Pyrus calleryana Dcne.
Rose family (Rosaceae)
Origin: China and Vietnam
Callery pear was imported multiple times to the U.S., including the first introduction in 1909 to the Arnold Arboretum and an introduction in 1916 by the U.S. Department of Agriculture for development of fire blight resistance in the common pear (Pyrus communis), which was devastating the commercial pear industry. It was widely planted as a rootstock for common pear long before it gained interest as an ornamental. Around 1950, the ornamental value and hardiness of Callery pear were recognized, leading to the development of a number of cultivars, including ‘Bradford.’ Cultivars in the U.S. originated from China and represent different genotypes. While some genotypes are self-incompatible, meaning they require cross pollination from another genotype in order to set seed, others can pollinate themselves. Different genotypes growing near each other (e.g., within about 300 ft.) can cross-pollinate and produce fruit with viable seed. Also, cultivars are often grafted onto seed-grown rootstocks with varying genotypes; if the plant produces shoots from the rootstock (which it often does), then these shoots and the graft can pollinate one another. Thus, the Bradford pear cultivar is one of several cultivars (varieties) of Callery pear capable of spreading and being invasive. Pyrus calleryana ‘Bradford’ is one genotype. It is propagated asexually (by grafting and cuttings) and does not change over time. Any plant resulting from a seed produced by Pyrus calleryana ‘Bradford’ is a different genotype of Pyrus calleryana and not a member of any cultivar (unless somebody propagates that seedling and names it as a new cultivar). The plants that spread in natural areas are not cultivars. They are sexually reproducing populations consisting of multiple genotypes that recombine every generation.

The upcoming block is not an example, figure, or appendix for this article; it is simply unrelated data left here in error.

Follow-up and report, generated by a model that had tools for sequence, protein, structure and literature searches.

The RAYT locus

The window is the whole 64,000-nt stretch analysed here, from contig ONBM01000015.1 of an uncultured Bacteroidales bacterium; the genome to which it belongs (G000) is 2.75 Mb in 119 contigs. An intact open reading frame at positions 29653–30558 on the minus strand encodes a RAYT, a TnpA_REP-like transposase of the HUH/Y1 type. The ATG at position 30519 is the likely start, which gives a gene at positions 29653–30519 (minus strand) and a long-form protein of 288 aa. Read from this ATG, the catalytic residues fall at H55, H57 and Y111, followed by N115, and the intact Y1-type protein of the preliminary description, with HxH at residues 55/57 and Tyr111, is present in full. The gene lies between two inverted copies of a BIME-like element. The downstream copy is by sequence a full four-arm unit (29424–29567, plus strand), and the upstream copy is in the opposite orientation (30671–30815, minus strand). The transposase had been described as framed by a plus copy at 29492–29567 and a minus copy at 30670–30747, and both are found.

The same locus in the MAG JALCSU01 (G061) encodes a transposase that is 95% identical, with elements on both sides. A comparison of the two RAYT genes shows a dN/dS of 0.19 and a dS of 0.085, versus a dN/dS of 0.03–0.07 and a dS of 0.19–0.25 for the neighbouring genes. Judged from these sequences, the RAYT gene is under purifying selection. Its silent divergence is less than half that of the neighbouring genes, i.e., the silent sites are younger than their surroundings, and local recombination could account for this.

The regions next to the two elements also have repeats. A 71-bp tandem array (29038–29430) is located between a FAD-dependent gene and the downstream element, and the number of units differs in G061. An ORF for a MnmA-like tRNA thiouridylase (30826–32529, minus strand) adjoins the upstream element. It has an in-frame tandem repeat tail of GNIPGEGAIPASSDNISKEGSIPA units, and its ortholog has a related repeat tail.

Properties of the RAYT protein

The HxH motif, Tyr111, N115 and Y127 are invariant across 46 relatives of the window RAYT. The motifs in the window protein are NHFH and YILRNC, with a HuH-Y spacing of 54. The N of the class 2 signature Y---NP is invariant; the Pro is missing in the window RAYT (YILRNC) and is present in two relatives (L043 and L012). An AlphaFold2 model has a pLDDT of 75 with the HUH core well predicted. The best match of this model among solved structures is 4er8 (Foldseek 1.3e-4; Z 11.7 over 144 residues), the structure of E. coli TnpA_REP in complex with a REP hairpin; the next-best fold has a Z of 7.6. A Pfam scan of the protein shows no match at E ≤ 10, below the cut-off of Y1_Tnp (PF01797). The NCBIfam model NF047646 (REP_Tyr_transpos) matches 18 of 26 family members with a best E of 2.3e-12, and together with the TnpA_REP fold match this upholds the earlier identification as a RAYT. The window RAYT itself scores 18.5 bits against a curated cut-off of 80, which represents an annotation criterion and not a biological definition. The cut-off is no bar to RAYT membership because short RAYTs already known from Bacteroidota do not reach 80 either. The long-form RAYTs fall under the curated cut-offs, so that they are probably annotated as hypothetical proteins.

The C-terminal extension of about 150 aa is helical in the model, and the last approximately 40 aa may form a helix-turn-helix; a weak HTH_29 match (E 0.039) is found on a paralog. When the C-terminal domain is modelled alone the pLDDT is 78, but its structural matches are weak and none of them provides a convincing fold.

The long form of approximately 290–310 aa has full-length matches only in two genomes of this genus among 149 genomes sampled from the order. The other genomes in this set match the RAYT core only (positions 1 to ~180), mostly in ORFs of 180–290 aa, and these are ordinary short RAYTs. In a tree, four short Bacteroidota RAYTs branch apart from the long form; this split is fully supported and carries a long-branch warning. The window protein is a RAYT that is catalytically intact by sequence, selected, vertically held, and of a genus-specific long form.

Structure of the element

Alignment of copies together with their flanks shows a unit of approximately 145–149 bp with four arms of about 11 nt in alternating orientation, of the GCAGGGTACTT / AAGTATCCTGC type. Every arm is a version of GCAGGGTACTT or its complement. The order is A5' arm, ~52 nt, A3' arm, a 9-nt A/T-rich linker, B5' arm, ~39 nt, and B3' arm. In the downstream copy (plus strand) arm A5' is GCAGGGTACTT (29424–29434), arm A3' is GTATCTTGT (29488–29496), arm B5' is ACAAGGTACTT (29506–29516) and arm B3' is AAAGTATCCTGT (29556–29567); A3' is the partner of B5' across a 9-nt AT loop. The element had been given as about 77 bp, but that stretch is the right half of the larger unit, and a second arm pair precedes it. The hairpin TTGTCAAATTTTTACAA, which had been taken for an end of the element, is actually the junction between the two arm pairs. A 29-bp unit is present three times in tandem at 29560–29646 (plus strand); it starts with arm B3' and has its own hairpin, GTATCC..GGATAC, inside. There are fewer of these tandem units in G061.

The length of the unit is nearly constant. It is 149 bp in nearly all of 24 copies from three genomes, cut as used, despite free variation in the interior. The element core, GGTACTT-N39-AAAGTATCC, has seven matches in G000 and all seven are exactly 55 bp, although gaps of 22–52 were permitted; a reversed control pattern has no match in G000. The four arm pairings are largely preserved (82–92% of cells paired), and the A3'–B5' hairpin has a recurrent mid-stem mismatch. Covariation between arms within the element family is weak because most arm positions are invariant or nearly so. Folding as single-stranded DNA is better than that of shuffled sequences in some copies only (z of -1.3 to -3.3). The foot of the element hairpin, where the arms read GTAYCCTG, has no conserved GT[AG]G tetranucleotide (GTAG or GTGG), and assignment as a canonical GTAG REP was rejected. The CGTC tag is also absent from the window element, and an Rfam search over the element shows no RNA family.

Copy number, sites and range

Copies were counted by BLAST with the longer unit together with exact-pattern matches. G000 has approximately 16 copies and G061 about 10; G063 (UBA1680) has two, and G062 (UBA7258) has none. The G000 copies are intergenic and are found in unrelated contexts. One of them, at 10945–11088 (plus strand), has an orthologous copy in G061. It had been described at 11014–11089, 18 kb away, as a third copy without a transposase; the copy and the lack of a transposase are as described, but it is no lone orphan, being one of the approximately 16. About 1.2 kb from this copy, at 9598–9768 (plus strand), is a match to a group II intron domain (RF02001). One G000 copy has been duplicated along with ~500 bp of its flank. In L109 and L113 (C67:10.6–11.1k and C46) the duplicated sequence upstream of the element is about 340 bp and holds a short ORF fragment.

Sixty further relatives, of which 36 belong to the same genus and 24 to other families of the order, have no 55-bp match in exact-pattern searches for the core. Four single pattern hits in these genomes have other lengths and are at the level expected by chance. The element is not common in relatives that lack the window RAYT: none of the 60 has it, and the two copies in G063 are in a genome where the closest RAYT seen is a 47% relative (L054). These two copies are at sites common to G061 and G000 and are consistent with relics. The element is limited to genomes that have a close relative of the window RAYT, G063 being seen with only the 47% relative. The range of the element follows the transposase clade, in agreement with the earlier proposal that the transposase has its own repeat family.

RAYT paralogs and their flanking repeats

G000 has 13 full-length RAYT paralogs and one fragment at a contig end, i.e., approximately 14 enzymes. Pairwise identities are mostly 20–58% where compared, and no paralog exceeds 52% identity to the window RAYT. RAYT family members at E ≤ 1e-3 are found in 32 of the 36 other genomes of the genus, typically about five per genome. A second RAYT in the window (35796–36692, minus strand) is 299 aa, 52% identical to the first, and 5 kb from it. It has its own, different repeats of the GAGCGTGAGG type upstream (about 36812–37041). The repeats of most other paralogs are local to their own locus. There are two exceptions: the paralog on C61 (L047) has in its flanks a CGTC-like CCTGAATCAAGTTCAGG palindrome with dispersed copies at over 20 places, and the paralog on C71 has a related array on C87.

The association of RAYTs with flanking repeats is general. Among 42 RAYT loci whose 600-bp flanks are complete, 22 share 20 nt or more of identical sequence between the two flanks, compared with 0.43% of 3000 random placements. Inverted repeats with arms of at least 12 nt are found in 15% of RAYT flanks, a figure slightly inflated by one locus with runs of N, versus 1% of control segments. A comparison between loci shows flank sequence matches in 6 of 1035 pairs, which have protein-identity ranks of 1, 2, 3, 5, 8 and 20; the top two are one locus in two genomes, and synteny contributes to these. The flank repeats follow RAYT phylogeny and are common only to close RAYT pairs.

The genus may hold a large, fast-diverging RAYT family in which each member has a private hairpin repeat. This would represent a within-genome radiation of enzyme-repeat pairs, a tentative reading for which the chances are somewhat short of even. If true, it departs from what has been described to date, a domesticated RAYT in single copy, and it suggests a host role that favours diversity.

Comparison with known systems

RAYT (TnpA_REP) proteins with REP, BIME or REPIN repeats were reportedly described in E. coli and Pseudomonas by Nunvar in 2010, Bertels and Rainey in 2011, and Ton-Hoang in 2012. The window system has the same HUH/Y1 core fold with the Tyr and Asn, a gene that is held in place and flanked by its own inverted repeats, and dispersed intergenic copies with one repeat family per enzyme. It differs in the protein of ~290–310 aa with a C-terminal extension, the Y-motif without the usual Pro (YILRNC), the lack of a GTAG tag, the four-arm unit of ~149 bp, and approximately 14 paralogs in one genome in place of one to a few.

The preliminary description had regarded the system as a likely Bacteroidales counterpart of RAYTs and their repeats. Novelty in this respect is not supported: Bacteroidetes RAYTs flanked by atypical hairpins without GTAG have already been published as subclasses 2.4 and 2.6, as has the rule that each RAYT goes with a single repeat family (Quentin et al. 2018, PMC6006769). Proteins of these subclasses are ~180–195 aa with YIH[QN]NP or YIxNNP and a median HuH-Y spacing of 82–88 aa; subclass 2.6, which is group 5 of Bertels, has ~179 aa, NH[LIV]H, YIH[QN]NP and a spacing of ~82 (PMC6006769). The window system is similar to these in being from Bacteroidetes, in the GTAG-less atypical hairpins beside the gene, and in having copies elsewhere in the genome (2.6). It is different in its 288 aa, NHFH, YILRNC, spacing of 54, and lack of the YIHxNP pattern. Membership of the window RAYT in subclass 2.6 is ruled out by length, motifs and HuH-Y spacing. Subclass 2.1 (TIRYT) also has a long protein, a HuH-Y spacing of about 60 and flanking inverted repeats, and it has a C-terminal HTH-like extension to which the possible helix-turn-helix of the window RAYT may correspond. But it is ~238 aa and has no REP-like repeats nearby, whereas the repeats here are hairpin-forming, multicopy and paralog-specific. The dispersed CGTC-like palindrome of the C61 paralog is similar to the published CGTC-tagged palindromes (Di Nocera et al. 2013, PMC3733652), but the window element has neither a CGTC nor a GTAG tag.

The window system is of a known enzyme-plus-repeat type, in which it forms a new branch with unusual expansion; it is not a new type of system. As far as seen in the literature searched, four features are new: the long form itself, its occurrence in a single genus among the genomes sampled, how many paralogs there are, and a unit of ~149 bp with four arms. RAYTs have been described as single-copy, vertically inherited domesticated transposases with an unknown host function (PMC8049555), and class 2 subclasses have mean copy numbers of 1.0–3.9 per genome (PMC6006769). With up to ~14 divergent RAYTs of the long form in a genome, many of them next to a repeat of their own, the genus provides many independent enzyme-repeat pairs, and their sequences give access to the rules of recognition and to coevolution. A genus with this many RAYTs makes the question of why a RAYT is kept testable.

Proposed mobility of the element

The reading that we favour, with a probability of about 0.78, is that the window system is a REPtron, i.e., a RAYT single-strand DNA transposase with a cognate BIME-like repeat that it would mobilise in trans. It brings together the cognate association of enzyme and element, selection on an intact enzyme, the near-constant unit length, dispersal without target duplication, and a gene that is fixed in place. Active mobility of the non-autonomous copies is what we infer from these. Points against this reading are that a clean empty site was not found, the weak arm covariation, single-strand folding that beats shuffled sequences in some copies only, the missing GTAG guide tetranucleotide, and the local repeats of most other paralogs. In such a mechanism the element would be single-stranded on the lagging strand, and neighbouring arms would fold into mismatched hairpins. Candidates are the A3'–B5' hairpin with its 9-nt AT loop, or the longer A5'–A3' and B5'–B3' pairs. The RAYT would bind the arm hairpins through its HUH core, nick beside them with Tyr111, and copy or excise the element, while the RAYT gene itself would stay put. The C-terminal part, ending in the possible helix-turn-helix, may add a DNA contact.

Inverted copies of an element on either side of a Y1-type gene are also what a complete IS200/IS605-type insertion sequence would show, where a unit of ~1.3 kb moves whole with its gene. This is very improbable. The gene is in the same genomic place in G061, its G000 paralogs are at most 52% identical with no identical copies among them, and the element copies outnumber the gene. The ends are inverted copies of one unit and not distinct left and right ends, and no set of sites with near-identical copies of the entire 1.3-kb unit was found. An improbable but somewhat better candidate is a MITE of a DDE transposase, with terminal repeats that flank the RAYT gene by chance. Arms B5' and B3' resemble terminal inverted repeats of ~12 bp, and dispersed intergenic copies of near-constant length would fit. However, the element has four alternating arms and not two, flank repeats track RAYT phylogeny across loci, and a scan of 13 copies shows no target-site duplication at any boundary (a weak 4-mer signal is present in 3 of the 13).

Distribution and Habitat
Callery pear occurs throughout the eastern U.S. from New Jersey to Illinois and south to Texas. It grows best in full sun but will tolerate some shading and drought.
Once established Callery pear forms dense thickets that push out other plants including native species that can’t tolerate the deep shade or compete with pear for water, soil and space. A single tree can spread rapidly by seed and vegetative means forming a sizeable patch within several years. Its success as an invader results from its capacity to produce copious amounts of seed that is dispersed by birds and possibly small mammals, seedlings that germinate and grow rapidly in disturbed areas and a general lack of natural controls like insects and diseases, with the exception of fire blight.
Description and Biology
Prevention and Control
Do not plant Callery pear or any cultivars including the well known Bradford pear. Seedlings and shallow-rooted plants can be pulled when soil is moist. Medium to large trees should be cut down and stumps treated with a systemic glyphosate or triclopyr-based herbicide (see Control Options).
Several native trees would make excellent substitutes for Callery pear, including common serviceberry (Amelanchier arborea), Allegheny serviceberry (Amelanchier laevis), cockspur hawthorne (Crataegus crus-galli), green hawthorne (C. viridis) and the native sweet crabapple (Malus coronaria), although its availability may be limited currently.
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